Synopsis: A recently diseased deceased couple try and fail to scare away their home’s new owners, and call upon a freelance bio-exorcist against the advice of their afterlife caseworker.
• Continues to be a unique supernatural comedy.
• Michael Keaton’s non-stop, manic performance as Beetlejuice chaotically drove story.
• Filled with many fascinating details to be found and enjoyed even decades later.
• The imagery was often as surreal as hilarious.
• Perhaps the most truly independent Tim Burton film.
• Themes of death and hauntings might be difficult for some to take, given it being presented, more or less, as a family fantasy film.
The supernatural genre is a saturated one, but is not that hard to do right. Supernatural (2005-present) being a continuing example. The key is to unabashedly present twists to the otherwise familiar themes. Beetlejuice not only has its own twists, but also works to reinvent the genre. Its reinvention was done so well that there are few if any examples that attempted to duplicate it, not counting the TV series (1989-1991) and video games loosely based on the film. The character is fun to watch as the rebel he was, but also fascinating in how he relished in how he got away with twisting truth and rules. Beyond the eponymous character, a major strength of the film was always its many details. The suggestions that the recently deceased were having more trouble in their transition, successful hauntings hard to come by, the Maitlands not obligated to do anything besides not letting the secrets of the afterlife out, disjointed truth being an apparent rule of the afterlife. The last was perhaps always the most interesting. Even Juno, the caseworker, told the Maitlands everything about Beetlejuice. Juno was arguably the most interesting. The narrative suggested she was of equal ability to Beetlejuice, but too bound by the rules to do much other than recommend not to summon him. All that poses many questions like if anyone was really in charge or if the rules were not wholly enforceable, but that is made more a surprisingly affective punchline in its unknowable mystery. Like the bureaucracy of the afterlife, the film forever inexplicably works.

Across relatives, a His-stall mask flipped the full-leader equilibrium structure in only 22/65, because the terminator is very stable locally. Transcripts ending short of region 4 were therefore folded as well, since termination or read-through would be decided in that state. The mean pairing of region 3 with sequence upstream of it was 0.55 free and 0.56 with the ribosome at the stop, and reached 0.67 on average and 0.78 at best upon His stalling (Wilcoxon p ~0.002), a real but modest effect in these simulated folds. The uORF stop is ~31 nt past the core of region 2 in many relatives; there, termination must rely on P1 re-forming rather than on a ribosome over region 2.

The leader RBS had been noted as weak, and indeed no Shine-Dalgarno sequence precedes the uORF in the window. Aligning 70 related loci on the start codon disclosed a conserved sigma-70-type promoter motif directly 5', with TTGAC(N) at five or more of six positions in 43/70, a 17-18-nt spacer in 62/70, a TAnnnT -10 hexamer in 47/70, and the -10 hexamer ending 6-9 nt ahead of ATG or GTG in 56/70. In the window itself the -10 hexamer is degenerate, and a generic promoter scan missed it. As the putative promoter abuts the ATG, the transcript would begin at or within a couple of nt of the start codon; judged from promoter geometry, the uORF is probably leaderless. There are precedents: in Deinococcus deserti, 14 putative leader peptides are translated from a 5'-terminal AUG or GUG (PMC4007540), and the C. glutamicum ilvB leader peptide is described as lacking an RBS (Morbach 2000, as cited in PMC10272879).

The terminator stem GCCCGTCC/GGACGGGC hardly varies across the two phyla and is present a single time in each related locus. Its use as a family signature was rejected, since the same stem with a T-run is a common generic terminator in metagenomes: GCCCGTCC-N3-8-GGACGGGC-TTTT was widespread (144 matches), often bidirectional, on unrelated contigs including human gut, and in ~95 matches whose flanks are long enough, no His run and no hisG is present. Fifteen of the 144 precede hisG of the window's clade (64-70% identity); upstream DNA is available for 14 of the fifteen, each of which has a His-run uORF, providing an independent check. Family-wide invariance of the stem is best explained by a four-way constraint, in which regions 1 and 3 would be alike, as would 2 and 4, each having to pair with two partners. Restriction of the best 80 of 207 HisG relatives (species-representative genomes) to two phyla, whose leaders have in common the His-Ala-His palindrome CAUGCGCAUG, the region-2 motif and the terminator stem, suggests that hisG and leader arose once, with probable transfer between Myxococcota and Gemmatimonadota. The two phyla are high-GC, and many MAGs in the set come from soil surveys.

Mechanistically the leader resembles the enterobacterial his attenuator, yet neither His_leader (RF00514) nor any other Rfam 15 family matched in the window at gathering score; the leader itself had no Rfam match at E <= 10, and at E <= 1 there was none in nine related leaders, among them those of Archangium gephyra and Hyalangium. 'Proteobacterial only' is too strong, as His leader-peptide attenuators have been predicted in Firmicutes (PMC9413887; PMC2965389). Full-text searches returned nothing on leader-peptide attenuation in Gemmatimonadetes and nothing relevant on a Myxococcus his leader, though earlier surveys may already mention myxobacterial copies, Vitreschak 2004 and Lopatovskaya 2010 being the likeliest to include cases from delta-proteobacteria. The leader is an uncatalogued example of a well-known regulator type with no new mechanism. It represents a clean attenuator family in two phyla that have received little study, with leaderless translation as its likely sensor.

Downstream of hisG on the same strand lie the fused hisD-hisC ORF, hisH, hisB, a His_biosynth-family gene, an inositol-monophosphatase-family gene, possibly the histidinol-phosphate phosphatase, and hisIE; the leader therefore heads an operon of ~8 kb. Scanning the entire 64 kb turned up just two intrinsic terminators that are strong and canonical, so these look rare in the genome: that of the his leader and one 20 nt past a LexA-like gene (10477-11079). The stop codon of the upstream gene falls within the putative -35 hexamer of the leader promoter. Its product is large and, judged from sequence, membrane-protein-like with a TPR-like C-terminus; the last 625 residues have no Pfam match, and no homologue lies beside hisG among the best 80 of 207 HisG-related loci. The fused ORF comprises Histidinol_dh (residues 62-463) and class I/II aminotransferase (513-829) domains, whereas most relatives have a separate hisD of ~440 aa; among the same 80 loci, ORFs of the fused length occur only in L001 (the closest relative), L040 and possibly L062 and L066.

Rotten Tomatoes — 83%